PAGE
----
Throughout the game, Gaia will encounter some evil spirits called Devourers. These are some oily ghost creatures born from the spirits of the humans that created the mass extinction on Earth in the first place. Encounters with Devourers often lead to some very unwelcome and clunky combat situations. Gaia can use her heart ability to attack, damage, and ultimately defeat the Devourers she comes across. Combat largely consists of running around the enemies and chipping away at their health until they're defeated. Sometimes the enemies will grab you, but quick taps of a button will free you without incurring much, if any, damage. It's not that the combat was necessarily bad per se, but it just felt like it maybe didn't need to be in there at all? It felt more like combat was included to pad out the gameplay time a bit. I liken the inclusion of combat in After Us to the inclusion of combat in Scorn. Both games focus on exploration, wordless storytelling, and a fair bit of puzzle solving. Neither game benefits from the inclusion of combat in any way. Gaia "killing" these enemies also comes across as a bit at odds with the game's theme of restoring life.

Screenshot from After Us.

I will say this about After Us: The diverse locations you get to explore are very well done. Though After Us isn't pushing the latest advancements in graphical technologies, it is still quite visually impressive. Each level shows the far-reaching devastation caused by humanity's inaction. This creates this somber, almost haunting visual atmosphere throughout the entire game. Remnants of the world that once existed are seen throughout every level from rusted cars, to decaying architecture of a dead city, to charred and barren forests, dead seas, and more. The morose feeling perpetuated by the devasted landscapes is further enhanced by an emotionally charged soundtrack and exceptional audio work. All these factors combine to create a very solid bit of environmental storytelling that few games can achieve.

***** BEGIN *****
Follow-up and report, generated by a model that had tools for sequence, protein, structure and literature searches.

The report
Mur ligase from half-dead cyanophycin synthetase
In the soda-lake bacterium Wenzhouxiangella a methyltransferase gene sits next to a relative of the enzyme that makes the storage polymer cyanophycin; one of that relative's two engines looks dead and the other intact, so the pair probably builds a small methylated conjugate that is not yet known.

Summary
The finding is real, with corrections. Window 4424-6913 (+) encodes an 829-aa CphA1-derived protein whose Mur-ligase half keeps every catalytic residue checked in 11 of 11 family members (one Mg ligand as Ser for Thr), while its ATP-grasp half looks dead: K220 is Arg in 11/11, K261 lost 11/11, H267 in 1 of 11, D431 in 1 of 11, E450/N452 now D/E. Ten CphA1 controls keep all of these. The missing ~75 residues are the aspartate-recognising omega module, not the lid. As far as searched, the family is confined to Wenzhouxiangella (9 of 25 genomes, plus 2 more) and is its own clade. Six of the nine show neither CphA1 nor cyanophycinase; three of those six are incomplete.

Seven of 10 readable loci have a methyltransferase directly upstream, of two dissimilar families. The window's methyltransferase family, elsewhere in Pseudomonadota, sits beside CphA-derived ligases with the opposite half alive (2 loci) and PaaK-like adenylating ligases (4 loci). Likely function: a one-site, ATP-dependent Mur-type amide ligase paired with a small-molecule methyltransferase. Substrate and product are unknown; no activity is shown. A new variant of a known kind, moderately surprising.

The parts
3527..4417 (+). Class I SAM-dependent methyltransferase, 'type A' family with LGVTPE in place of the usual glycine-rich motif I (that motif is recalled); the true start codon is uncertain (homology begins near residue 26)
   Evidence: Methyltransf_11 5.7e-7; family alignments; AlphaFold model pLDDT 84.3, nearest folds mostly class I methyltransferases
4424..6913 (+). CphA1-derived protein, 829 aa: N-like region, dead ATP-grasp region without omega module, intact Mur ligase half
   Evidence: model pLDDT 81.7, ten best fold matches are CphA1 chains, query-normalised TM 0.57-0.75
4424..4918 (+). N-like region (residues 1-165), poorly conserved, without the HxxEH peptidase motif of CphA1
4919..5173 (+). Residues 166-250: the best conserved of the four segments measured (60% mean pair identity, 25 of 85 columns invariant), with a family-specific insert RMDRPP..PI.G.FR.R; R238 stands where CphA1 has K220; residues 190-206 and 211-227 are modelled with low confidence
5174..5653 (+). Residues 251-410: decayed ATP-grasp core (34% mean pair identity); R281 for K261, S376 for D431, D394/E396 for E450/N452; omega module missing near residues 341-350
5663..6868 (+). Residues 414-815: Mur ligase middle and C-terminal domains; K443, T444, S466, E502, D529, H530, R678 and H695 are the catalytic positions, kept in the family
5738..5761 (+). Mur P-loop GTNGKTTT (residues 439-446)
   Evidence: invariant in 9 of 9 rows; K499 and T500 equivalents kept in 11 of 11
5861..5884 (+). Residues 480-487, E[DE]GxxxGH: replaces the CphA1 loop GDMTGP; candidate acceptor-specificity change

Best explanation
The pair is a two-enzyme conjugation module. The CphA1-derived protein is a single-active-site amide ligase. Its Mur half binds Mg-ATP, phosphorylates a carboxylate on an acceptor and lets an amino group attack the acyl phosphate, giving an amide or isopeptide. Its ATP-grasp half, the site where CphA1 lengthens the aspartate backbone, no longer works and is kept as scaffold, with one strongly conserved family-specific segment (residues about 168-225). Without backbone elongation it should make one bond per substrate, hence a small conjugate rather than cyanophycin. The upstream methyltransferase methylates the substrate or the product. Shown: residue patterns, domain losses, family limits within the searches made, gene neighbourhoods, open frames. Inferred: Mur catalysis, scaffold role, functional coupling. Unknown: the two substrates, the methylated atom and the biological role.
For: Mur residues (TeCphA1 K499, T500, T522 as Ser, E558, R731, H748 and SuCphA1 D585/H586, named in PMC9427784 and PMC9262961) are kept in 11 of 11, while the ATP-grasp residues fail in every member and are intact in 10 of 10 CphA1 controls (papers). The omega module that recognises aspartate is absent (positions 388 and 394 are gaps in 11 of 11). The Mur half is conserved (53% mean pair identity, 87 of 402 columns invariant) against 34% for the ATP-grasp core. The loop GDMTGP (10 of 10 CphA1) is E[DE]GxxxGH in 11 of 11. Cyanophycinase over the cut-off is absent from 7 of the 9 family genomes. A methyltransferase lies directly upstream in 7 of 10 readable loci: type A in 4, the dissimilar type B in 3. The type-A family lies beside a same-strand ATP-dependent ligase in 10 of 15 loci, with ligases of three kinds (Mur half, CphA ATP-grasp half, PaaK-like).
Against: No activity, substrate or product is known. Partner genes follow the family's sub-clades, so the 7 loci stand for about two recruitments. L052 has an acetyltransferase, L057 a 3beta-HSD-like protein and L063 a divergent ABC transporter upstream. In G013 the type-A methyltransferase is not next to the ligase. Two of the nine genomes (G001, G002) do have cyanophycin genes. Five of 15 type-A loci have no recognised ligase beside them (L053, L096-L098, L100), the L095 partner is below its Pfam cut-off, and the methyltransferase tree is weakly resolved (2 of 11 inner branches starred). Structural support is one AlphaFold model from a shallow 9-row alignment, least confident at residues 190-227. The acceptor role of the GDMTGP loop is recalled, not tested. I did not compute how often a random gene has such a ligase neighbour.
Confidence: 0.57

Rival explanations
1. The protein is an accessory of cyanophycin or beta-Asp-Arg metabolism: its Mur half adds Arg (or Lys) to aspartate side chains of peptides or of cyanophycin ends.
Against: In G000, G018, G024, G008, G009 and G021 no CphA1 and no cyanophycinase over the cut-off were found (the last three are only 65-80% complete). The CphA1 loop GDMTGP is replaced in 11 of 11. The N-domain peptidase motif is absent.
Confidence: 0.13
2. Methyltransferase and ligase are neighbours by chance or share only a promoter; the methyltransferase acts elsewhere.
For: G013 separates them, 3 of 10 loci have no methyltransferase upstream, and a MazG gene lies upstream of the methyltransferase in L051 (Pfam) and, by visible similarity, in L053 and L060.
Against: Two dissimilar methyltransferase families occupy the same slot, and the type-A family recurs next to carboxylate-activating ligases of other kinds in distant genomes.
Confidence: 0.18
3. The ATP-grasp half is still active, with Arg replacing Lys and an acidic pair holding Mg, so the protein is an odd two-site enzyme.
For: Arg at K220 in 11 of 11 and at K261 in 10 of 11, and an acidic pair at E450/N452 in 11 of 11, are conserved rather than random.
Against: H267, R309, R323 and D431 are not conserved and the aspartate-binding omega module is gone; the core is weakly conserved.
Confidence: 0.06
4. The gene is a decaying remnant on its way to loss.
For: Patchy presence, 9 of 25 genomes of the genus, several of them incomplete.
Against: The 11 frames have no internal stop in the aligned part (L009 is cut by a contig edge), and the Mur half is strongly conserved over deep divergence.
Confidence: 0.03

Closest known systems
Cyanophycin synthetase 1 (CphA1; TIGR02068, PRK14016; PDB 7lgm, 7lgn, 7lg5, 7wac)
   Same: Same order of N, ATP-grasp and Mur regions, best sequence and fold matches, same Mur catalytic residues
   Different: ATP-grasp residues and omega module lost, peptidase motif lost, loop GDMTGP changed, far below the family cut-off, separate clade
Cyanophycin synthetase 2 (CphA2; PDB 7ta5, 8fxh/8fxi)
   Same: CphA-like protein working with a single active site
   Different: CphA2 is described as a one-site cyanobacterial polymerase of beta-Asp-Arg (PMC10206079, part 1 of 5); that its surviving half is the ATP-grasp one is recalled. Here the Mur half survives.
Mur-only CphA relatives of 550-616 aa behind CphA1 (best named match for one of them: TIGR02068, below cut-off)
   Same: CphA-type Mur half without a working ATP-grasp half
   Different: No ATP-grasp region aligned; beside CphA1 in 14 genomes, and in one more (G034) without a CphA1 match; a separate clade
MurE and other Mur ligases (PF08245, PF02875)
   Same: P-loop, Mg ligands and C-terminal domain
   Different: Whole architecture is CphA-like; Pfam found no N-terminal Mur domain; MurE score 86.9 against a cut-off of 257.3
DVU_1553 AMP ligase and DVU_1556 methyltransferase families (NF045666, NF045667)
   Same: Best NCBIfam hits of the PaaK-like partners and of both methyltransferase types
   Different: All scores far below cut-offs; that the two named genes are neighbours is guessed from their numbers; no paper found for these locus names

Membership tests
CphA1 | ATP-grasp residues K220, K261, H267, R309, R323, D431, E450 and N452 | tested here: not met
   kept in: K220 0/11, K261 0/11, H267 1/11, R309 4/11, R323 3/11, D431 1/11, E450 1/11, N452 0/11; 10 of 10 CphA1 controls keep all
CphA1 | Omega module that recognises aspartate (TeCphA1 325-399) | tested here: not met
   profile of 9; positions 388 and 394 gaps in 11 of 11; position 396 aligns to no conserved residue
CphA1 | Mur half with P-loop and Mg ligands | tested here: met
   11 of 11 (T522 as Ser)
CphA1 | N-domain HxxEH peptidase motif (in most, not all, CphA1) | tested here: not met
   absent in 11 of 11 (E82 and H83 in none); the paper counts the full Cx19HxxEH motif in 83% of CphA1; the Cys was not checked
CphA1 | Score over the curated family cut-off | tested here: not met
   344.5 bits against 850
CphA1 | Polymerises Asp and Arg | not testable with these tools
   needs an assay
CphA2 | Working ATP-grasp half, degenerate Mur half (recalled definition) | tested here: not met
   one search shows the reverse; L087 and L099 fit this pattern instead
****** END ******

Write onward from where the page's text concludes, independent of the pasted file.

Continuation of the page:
The atmosphere of the game would be hampered a bit if the performance just wasn't there. Thankfully, After Us manages to deliver a relatively solid framerate in the game's Performance mode setting. The only times where I noticed poor performance came when battling the Devourers. Framerate would get hit hard and fast during some of these combat encounters, which certainly did not nothing to improve my opinion on the inclusion of combat in this game. Outside of combat, the game ran extremely well. I can only hope that these severe framerate issues during combat are something that can be addressed with future patches.


After Us manages to deliver an experience that is largely enjoyable despite its flaws. Loose gameplay mechanics, framerate hiccups, and superfluous combat encounters are mostly offset by solid environmental storytelling, a poignant message, fantastic soundtrack work, and almost rock-solid performance and visuals. After Us is also very aggressively priced at $29.99, which undoubtedly helps to lessen the sting of some of its flaws.

Review scale showing a rating of 3 stars out of 5 stars.

Additional Information
  • After Us
    • Developed by: Piccolo
    • Published by: Private Division
  • Price: Starting at $29.99 (USD)
  • Platform reviewed on: PlayStation 5 (also available for Xbox Series X|S and PC)
  • Release Date: May 23, 2023
  • ESRB: T for Teen (Fantasy violence, mild blood, partial nudity)
  • This game was provided to Total Gaming Network for review purposes from Piccolo and Private Division.